November 1958 brought the big and very heavy 1102 model Euclid Tractor / Bulldozer to the Corgi Toy shop shelves. At 17/6d (£0.87½) this would have been an expensive item for someone to buy and a heavy one to carry home too. It stayed in production until 1963 when it gets revised slightly with a lever to raise the shovel part and a driver and that model, catalogued as 1107, lasts until 1966.

If you carefully remove the shovel section you have the 1103 model which doesn't actually get issued until 1960 and that only lasts until 1965. All the Euclids had modest sales and are now quite difficult to find.

The 1102 can be found in two quite distinct colours - lime green and a greenish yellow. The black rubber tracks seem to last well but you would need to remove the shovel unit to fit replacements. The most common fault with models available is broken or damaged exhaust pipes. These are plastic and in a very vulnerable position, sticking up near the front of the bonnet. I haven't seen any replacements available so check these before buying.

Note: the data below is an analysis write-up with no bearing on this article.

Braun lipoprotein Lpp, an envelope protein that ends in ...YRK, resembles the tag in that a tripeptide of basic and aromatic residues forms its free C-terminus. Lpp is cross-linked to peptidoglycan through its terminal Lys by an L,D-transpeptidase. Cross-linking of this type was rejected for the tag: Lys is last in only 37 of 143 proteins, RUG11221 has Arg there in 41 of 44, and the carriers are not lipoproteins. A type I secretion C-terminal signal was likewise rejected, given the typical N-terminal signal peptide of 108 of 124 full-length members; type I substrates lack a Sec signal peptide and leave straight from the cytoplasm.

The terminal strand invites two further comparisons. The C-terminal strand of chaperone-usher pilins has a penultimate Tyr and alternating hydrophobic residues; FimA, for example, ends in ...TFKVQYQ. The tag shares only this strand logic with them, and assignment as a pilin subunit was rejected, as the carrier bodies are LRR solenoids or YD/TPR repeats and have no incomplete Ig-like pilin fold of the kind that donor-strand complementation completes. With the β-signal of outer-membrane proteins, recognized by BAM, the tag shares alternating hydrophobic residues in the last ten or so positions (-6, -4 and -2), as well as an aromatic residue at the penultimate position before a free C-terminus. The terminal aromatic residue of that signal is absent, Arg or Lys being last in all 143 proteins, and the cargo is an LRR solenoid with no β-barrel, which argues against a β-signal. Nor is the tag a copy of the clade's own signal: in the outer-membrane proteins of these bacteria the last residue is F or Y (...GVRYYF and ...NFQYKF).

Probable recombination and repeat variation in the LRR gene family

The other November issue was also an expensive item, the fourth Gift Set. This puts all the Bloodhound Missile bits together. You get a missile, launcher and trolley together with an RAF Land Rover to pull the trolley along. The Missile was available with the launch ramp last month but this is the first appearance of the trolley. Later is is available with just the missile and, in December of the following year it is also available individually. Those individually boxed items had one of the lowest production figures of the Corgi range and so boxes are well worth seeking out.